Oystercatchers: strolling theatre

The Estuary of the Torridge and Taw Rivers is an important habitat for wading birds and the Oystercatcher is one of the most characterful residents. Some live here all year round and others visit from northern climes during the winter in order to feast on the mudflats.

Our characters are migrant Oystercatchers, who have just arrived back from the Faroe Islands. Arriving in the town, rather tired and disorientated, they enlist help from local people to reach their seaside home and attempt to trade with shells for things that will help them through the winter. At the seaside, they get to work with setting up home and get fishing.

Performances happened in Bideford and Northam Burrows, Barnstaple and Saunton Sands on 14th and 15th September 2019. We worked with a brilliant team to create this curious pair and to share them with the public. Read below for more information about how the project came together.

The Creative Team:

  • Sarah Corbett – Performer
  • Fiona Fraser Smith – Producer
  • Paschale Straiton – Director
  • Michael Wagg – Performer
  • Ruth Webb – Designer

Oystercatchers, Dandies of the Estuary

Oystercatcher Mask Design by Ruth Webb

Oystercatchers are fascinating birds. They can live very long lives – a male which was tagged as a chick in 1970 was caught in 2010, making him over 40 years old. A unique aspect about these birds is that they adopt two different methods for eating shellfish. The Hammerer uses their beak to smash into the shell while the Stabber uses their beak to prize the shell apart. And how a pair eat will determine the behaviour of their chicks. Researchers predict that at some point these could evolve into different species.

Some of the Oystercatchers that live on the Taw/Torridge Estuary are resident all year round, spending much of their time in mud flats that team with cockles, mussels and worms – like the Skern on Northam Burrows or Isley Marsh RSPB site near Yelland. Others arrive from Northern Climes in the autumn and spend the winter here and return North for the breeding season. Some of these migrant birds come from Scotland or from further flung places like the Faroe Islands. Did you know – the Oystercatcher is the national bird of the Faroe Islands? For the Faroese, the arrival of the Oystercatcher marks the beginning of Spring, and they celebrate them at a national holiday called St. Gregory’s Day or Grækarismessa.

Early Design Ideas by Ruth Webb

If you’d like to find more about Oystercatchers and the other birds that live around the Estuary, why not visit the Northam Burrows Visitors Centre, Sandymere Road, Northam, EX39 1XS, search the website of the Royal Society for the Preservation of Birds or visit one of their reserves. This wonderful landscape is overseen by the North Devon Coasts Area of Outstanding Natural Beauty which gathers information about how best to protect it and holds events throughout the the year. We thank them for supporting our project through their Strategic Development Fund.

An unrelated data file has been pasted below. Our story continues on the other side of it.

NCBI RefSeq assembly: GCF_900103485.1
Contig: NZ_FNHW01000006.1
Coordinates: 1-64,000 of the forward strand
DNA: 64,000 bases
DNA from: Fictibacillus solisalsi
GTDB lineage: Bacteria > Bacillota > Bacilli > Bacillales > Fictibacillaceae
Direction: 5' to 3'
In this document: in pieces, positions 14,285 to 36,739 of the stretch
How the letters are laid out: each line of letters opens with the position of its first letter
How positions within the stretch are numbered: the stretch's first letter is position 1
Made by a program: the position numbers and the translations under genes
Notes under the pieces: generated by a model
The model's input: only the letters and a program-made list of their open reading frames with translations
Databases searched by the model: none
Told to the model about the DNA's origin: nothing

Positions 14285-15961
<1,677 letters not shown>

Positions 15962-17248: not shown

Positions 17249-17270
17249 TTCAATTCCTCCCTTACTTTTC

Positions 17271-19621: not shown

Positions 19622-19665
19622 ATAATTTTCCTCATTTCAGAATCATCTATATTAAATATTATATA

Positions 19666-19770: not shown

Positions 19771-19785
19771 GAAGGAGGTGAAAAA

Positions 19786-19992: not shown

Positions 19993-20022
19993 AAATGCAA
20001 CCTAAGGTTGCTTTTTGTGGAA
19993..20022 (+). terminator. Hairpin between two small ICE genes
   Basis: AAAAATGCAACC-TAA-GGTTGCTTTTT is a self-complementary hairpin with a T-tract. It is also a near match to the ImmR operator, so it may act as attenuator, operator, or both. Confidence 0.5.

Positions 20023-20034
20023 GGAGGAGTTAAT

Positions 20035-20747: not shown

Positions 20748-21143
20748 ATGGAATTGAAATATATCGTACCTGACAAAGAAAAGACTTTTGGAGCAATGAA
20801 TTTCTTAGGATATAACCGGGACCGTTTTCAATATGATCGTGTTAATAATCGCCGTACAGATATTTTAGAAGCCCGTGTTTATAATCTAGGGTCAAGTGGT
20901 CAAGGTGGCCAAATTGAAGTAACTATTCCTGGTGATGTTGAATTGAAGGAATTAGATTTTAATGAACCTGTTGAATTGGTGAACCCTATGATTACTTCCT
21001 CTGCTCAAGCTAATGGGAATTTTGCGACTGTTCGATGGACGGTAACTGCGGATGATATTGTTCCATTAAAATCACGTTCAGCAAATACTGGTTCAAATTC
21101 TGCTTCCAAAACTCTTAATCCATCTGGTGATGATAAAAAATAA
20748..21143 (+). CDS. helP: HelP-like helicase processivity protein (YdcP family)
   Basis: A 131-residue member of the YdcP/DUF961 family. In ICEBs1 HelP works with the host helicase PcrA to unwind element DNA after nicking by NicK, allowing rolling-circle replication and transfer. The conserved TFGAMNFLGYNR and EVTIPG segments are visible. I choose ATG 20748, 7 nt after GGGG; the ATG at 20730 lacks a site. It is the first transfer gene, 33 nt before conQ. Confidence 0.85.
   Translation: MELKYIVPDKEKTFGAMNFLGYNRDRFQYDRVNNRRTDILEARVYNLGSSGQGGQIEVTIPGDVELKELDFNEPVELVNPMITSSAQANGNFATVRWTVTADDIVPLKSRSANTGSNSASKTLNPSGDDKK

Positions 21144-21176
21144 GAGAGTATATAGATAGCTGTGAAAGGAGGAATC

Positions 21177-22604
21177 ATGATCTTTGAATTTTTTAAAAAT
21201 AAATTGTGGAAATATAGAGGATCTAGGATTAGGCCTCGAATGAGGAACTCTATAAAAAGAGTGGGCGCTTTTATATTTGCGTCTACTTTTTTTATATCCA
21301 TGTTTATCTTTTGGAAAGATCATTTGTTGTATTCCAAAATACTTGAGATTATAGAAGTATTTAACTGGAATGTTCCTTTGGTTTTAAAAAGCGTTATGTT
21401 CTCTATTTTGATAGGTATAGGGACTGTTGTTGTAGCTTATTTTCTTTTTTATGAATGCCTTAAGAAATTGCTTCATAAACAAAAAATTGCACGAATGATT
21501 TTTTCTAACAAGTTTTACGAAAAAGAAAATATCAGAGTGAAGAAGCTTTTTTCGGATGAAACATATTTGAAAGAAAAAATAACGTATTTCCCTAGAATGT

Our strolling theatre performance

Strolling theatre is a wonderful way to connect with people on the street. Performers walk a designated route and along the way, they interact with passers by. Some people like to stand back and observe the overall picture. Others like to find out what’s going on, ask questions. Ideally they are drawn into the world of the performance and interact in a playful way.

We think that this kind of performance is brilliant. It punctuates everyday life, offering moments of curiosity and make-believe for people who are unlikely to have been expecting it. It provides unusual stories to share at work or down the pub – ‘I funny thing happened to me yesterday…’ And at the very least it makes people question what’s what.

Final Costume Design by Ruth Webb

We spent a 8 days developing this performance piece, working on Northam Burrows and in rehearsal spaces in Appledore and Bideford. We spent time observing the birds – both on the Skern mudflats (when we could spot them) and on video and then attempted to adapt their mannerisms and behaviours to the human body. We wondered who Oystercatchers might be if they were humans – perhaps they would be people who scour the mud with metal detectors? They would certainly be people of the mud, who were outsiders in some way.

We decided that our characters would have just arrived back from their second home in the North. That way there would be some drama to play with – if they were disorientated or lost, then people could lend them a hand. Sarah Corbett and Michael Wagg are very spontaneous and engaging performers who managed to create a ridiculous and yet strangely enchanting pair.

We hope that by performing with these characters in Bideford, Barnstaple and on the beach at Northam Burrows and Saunton Sands, we’ll encourage people to think about the wonderful birds that live in our local area of outstanding natural beauty. By presenting the characters as half human, we intend that people can draw parallels between their lives and ours. If we can relate to the birds more completely, perhaps we will look after them better. After all, while Oystercatchers are not yet on the Red Endangered list, they are on the Amber list – with numbers in sharp decline.

The Masks

Ruth Webb made these beautiful masks. Her aim was to make the heads look appealing, but not cartoony and realistic, but with character. We think that she achieved the perfect balance. The masks are bright and charming but can also be overpowering at close quarters, perhaps reminding us to respect nature.

The masks were made by building up layers of plastazote foam sheets and papier-mâché onto the base of a climbing helmet. It was a time consuming business, with several layers of paper and paint. Here’s are some photos of the work in progress.